The Narooma Men's and Community Shed has two exciting additions to its impressively equipped workshops - lapidary and jewellery.
That is why it is not a traditional men's shed that just offers woodwork and metalwork facilities but more a community shed.
Shed vice-president Walter Sheehan said they saw the Shed as having a key role in the community by providing a place where people can come together to socialise and have fun.
A year ago the Shed began welcoming both men and women on certain days.
"This immediately saw our membership swell to 135, with over 40 women members," Mr Sheehan said.
The second purpose of the Shed was to provide a range of activities that would be interesting and challenging to the new members outside of the traditional men's shed offerings.
After canvassing members, they introduced computer engraving machines so members could personalise many of the wooden items they made and use them as special gifts.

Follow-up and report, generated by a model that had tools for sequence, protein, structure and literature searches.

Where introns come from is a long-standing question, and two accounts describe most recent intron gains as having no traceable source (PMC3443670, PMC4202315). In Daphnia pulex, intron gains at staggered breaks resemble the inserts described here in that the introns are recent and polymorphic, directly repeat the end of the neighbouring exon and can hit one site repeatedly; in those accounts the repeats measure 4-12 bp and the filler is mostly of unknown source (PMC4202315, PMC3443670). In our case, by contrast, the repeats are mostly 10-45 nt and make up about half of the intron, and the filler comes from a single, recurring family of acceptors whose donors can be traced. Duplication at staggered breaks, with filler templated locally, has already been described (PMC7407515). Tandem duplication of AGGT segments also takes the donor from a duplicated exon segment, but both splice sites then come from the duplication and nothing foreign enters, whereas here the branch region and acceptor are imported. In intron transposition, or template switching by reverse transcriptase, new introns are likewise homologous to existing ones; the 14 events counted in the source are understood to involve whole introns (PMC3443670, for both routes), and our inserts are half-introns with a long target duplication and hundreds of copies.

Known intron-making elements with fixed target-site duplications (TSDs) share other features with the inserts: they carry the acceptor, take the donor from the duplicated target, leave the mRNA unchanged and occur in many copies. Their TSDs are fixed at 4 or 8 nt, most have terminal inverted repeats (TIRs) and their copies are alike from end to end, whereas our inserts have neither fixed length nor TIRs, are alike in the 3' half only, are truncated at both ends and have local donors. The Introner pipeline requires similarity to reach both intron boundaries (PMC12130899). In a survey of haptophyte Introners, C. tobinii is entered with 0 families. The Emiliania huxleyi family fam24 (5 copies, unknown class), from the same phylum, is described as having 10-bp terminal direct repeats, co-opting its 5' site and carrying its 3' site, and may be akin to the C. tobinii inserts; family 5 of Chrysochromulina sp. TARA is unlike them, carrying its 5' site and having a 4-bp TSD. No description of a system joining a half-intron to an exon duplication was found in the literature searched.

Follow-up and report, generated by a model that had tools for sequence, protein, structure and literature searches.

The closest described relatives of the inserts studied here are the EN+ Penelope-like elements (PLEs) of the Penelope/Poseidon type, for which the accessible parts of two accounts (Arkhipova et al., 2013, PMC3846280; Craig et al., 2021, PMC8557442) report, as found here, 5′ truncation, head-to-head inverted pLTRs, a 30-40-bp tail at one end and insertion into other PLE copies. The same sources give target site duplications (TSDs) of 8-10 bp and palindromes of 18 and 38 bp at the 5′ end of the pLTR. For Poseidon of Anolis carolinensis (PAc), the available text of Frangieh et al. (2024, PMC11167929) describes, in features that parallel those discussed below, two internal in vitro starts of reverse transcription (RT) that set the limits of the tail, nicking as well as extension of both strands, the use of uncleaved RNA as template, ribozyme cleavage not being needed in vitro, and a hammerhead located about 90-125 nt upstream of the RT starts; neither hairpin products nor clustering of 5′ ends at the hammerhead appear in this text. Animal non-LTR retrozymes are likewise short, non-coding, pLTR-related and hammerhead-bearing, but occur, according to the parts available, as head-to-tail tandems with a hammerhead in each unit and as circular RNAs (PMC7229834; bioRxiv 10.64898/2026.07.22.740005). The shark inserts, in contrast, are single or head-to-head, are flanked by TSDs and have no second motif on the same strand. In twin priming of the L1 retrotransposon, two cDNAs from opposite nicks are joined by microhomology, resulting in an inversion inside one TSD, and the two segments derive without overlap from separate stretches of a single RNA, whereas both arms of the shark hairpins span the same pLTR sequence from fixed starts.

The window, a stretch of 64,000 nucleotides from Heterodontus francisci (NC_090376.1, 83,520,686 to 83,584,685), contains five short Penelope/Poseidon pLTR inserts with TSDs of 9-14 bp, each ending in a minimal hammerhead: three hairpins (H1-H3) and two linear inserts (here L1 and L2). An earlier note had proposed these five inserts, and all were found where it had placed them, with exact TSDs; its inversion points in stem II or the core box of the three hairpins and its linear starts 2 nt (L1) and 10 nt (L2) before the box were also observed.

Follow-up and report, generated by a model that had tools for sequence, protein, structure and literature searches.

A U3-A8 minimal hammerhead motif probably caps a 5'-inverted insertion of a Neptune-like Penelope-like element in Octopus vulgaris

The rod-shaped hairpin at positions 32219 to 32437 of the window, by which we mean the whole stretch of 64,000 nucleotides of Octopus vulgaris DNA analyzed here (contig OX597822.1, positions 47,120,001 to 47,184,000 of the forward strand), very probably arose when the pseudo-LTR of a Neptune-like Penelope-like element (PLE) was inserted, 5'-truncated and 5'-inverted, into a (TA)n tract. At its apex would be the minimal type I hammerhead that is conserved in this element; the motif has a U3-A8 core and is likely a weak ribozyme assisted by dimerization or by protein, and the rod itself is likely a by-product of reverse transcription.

"This was so successful that it wasn't long before there were queues for both machines," Mr Sheehan said..
That experience led them to introduce computer routing machines that are also proving very popular while challenging members to learn new skills.
Filling a gap
Recently members expressed interest in a lapidary and jewellery centre at the Shed given there were no active clubs of that type in the area.
The relatively high initial cost of machines, along with the lack of space at home, were the most common barriers but members kept pushing for it.
"With such a strong interest, the Shed invested in setting up an area with quality machinery and the right tools to make it happen.
"Hopefully Christmas presents will soon materialise," Mr Sheehan said.
Shed member Rachel McInnes played a role when she saw the lapidary set up.
"I had a jewellery bench that was gifted to me by a jeweller who passed away so I have gifted it to the Shed," she said.
Community is welcome
The equipment is now set up for anyone who wants to use it and there are members around to help with technique.
Members are using the cabbing machine on a range of stones, different types of agate and petrified wood.
Mr Sheehan said after the success of its recent wood working classes for the community, the Shed will likely do a similar course for lapidary and jewellery.
"In the meantime, members of the community are invited to come to the Shed with their rocks and diamonds and have some fun," he said.